As their legislative wish list languishes in a deadlocked Senate, many Democrats are more anxious than ever to jettison the filibuster—and they’re hoping the 2022 midterm elections will bring to the Senate more supporters of changing that long-standing rule.
But a Democratic front-runner in one of the most competitive states on the 2022 map, Cheri Beasley of North Carolina, is not only uncommitted about ending the Senate’s 60-vote threshold for passing bills, she has declared on the campaign trail that the filibuster has been a good thing in the past.
During a video call with supporters in August, Beasley was asked about her position on the filibuster, according to a recording of the event obtained by The Daily Beast. She said she had “thought deeply about it” but did not offer a position one way or the other.
But Beasley did offer an unusual argument to see from a Democratic candidate about the filibuster in 2021. “The reality is,” she said, “it has in many ways benefited Democrats and people across North Carolina.”
Many Democrats have cast the filibuster as a remnant of a racist and discriminatory past by tagging it as a “Jim Crow relic,” as former President Obama and others have done, given its role in blocking civil rights legislation. And many Democratic voters—particularly the more liberal ones—increasingly feel that lawmakers ought to abolish the 60-vote threshold.
Which is why Beasley’s viewpoint on the Senate rule may be consequential. The former chief justice of the North Carolina Supreme Court was the first Black woman to serve in that role, and she has cast herself as the kind of independent-minded, battle-tested candidate that can win a tough race in the state.
“Cheri believes a procedural rule shouldn’t stand in the way of solutions that an overwhelming majority of North Carolinians support,” said Dory MacMillan, a spokesperson for the Beasley campaign, when asked about the recording. “Given the grave threat to democracy she would support a carve out for legislation to support voting rights, and as she has said, would consider broader reforms to the filibuster.”
Asked by The Daily Beast what Beasley felt to be a positive outcome of the filibuster, her campaign pointed to the failure of anti-abortion legislation championed by Republicans, which have failed in the Senate, and to GOP attempts to repeal the Affordable Care Act, though there is plenty of debate among Democrats about whether or not the 60-vote threshold truly protected their signature health care law.
The comment is the first public confirmation that Beasley specifically supports changing the Senate’s 60-vote vote threshold in order to pass a voting and elections overhaul, a third option that moderate Democrats are increasingly warming up to as their signature bill, the For The People Act, stalls amid GOP filibusters.
And it remains consistent that Beasley has not ruled out or in more sweeping changes to the filibuster rule, though she has not publicly credited the filibuster for positive outcomes in the way she did during the private call. Since entering the race in May, local outlets have said Beasley has ducked questions about the issue.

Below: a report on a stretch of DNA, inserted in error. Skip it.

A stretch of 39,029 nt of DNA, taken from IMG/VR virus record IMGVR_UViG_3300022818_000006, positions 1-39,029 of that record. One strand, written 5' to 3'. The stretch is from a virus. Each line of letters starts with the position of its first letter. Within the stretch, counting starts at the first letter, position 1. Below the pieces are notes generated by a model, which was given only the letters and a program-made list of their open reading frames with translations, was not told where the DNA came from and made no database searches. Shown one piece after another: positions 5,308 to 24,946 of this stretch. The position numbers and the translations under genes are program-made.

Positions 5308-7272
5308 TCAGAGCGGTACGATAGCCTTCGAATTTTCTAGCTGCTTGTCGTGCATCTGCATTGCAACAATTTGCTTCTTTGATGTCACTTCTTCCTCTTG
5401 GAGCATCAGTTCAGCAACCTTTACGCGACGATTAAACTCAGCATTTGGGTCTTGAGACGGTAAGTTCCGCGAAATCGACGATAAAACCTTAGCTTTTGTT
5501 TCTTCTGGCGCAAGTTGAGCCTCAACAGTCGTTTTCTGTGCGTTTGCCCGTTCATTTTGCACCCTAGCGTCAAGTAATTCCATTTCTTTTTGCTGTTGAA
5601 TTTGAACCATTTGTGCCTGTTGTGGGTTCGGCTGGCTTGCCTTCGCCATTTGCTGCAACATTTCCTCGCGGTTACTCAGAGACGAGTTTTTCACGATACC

Beasley’s main rival, state Sen. Jeff Jackson, has courted liberal primary voters’ support by embracing calls to end the filibuster. After saying in January his support for the 60-vote threshold was conditional on GOP obstructionism, Jackson publicly slammed a main filibuster holdout in April, Sen. Joe Manchin (D-WV), calling his position “incredibly reckless.” Jackson said people could call Manchin’s office to register their disapproval—“or you can just elect me and we’re good here,” he tweeted.
Former state Sen. Erica Smith, who is openly running as the staunch progressive choice, was the first to vocally endorse an end to the filibuster, but she has lagged behind Beasley and Jackson in fundraising and early polling.
Republicans, eager to use the issue as a way of framing purple state candidates as overly liberal, have already gone after Jackson for his filibuster stance. The party’s official Senate campaign arm commented in April that “soon there won’t be any difference” between Jackson’s platform and that of Smith, the unabashed progressive.
Differences over the filibuster proved potent in Democrats’ 2020 primaries, and while the 2022 cycle has barely begun, the dynamic has only intensified as the GOP leverages the filibuster to stymie the party’s agenda in Washington. There is considerable pressure from activists for Democratic candidates to embrace a rules change that could enable them to pass a number of items.
As Beasley remains noncommittal about broader filibuster changes, she finds herself on an increasingly shrinking island of Democratic Senate candidates nationwide.
In other 2022 battleground states, candidates at the top of Democratic primary packs have called for the filibuster’s demise forcefully and frequently. In Pennsylvania, for example, all the leading candidates vying to replace outgoing GOP Sen. Patrick Toomey have done so, from the progressive lieutenant governor, John Fetterman, to the more moderate Rep. Conor Lamb.
While Republican-leaning North Carolina will be a tougher race for Democrats, the top candidates running for Senate in two other states that Donald Trump won, Rep. Tim Ryan of Ohio and Rep. Val Demings of Florida, have also called for an end to the filibuster.
During her remarks, Beasley did leave herself some room to maneuver. She said she would “certainly take a look at” any changes to the rule.
“What I am confident of is that legislation that people here in North Carolina care deeply about and people across this country, like voting rights, should not at all be held up at all by the filibuster,” Beasley said.